VISION TALKS

 
Nikitas Dimopoulos,
University of Victoria, Canada
On Neural Computing and Architectures
Abstract. Computational Neuroscience explores brain function in terms of the structures that make up the nervous system through mathematical modeling, simulation and the analysis of experimental data. As a discipline, it differs from machine learning, and neural networks although all cross-fertilize each other. The main difference is that Computational Neuroscience strives to develop models that are as close as possible to the observed physiology and structures, while neural networks focusing on learning, develop models that may not be physiologically plausible. In this talk we shall present some of the standard neuron models and our experience using these to model complex structures such as regions of the hippocampus. We shall show the performance and energy requirements of these models on current processors. We shall consider the scalability of the current models towards more complex structures and eventually whole brain simulations and determine that current processors cannot be used to scale these computations. We shall survey efforts in developing architectures that hold the promise of scalability and identify areas of future research.
 
 
Manolis Katevenis,
FORTH-ICS and University of Crete, Greece
Cluster Communication Latency: towards approaching the Minimum Hardware Limits, on Low-Power Platforms
Abstract. Cluster computing is a necessity for High Performance Computing (HPC) beyond the scale reachable by hardware cache coherence (the scale of a single "node"). Unfortunately, still today, inter-node communication in many clusters (other than expensive and power-hungry ones) is based on old-time hardware and software architectures, dating back to when such communication was viewed as "I/O rather than memory" and hence non-latency-critical. Although we know how to reduce latency when accessing "memory", the majority of low-cost and low-power commercial platforms, still today, do not care to do this when "performing I/O". Within a series of 5 projects, we are working towards fixing this problem, for modern energy-efficient ARM-based platforms, which hold great promise for Data Centers and HPC; this talk will present a summary of our efforts, under the general name "UNIMEM", and in particular: To reduce latency and energy consumption during communication, we need to avoid interrupts and system calls and reduce the number of data copies. Single-word (e.g. control/sync) communication can be efficiently performed via remote load/store instructions, provided there is a Global Address Space (GAS). Block-data communication is efficiently performed via remote DMA (RDMA), where again a GAS is required in order to save a data copy at the remote node. DMA and I/O have to be cache-coherent (not always provided, even today); at the arrival node, it is desirable to be able to control cache-allocation or not. RDMA initiation without system call requires virtual address arguments, which we translate using the IOMMU (aka System MMU). For scalability, address translation should be performed at the destination, i.e. we advocate a 64-bit Global Virtual Address Space (GVAS); coupled with inter-node (process) protection, this requires 80- to 96-bits within network packets. These are incompatible with current MMU's that always translate load/store addresses at the issuer, and with current DMA engines and I/O maps that only handle 40 or 48 address bits. Allowing RDMA between arbitrary (user) memory areas (as opposed to registered and pinned ones, only), without any extra data copies, requires RDMA to tolerate and recover from page faults. RDMA completion detection is tricky, especially in the presence of multipath routing: it requires hardware support at the receiver NI, in order to avoid one network round-trip, and mailboxes (hardware queues) for notification without interrupts. Finally, when trying to have MPI communicate with zero-copy and single-network-trip latency, we would like either the receive call to accept data at system-selected address, contrary to the current standard, or send-receive matching to be performed at the sender, which cannot be done in the case of MPI_ANY_SOURCE.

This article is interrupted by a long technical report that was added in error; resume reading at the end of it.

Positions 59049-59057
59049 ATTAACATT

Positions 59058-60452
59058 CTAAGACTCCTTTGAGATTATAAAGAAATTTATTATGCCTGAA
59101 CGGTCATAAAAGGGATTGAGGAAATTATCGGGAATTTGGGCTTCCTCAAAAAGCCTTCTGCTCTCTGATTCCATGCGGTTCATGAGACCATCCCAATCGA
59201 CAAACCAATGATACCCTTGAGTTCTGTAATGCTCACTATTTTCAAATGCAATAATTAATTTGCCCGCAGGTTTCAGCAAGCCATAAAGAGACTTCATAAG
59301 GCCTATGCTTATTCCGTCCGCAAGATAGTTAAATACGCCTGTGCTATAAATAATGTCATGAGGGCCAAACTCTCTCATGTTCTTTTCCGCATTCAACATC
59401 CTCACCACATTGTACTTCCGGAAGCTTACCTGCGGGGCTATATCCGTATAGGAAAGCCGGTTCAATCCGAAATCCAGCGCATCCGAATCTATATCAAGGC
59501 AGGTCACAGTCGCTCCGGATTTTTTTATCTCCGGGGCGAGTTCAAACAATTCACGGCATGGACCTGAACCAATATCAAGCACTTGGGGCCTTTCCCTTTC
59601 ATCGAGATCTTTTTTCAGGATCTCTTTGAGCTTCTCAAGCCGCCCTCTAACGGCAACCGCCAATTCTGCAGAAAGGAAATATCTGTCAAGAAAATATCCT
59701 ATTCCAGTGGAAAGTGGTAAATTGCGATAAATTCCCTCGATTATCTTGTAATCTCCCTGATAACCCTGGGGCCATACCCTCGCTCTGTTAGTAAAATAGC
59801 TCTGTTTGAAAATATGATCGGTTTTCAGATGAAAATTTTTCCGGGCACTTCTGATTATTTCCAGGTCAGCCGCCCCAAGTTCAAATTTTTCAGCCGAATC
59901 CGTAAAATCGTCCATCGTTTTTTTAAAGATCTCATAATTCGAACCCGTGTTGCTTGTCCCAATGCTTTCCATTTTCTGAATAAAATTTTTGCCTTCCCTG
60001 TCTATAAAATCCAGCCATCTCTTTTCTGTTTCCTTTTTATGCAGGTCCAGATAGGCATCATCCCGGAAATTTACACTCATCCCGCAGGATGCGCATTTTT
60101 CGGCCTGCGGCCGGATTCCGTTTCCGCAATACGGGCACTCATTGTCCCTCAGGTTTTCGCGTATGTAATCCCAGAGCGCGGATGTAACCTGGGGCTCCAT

Wayne Luk,
Imperial College London, United Kingdom
Progress towards self-optimising and self-verifying design
Abstract. This talk describes recent research on self-optimising and self-verifying design, a vision first articulated in the 2007 Symposium on the Future of Computing in memory of Professor Stamatis Vassiliadis. Developments based on machine learning and transparent assertions will be presented; the promise of the proposed approaches will be discussed.
 
 
Trevor Mudge,
University of Michigan, 
United States
Machine Learning Processors — Deja Vu?
Abstract. Recently we have seen the emergence of processors targeted at machine learning. The best example, or at least the one about which there is the most detail, is Google’s Tensor Processing Unit. This new class of processors bear a striking similarity to existing digital signal processors and graphic processing units. This talk will outline similarities and differences and comment on the possibility of a common solution.
 
 
Walid Najjar,
University of California - Riverside, United States
Embracing Rather Than Fighting Memory Latency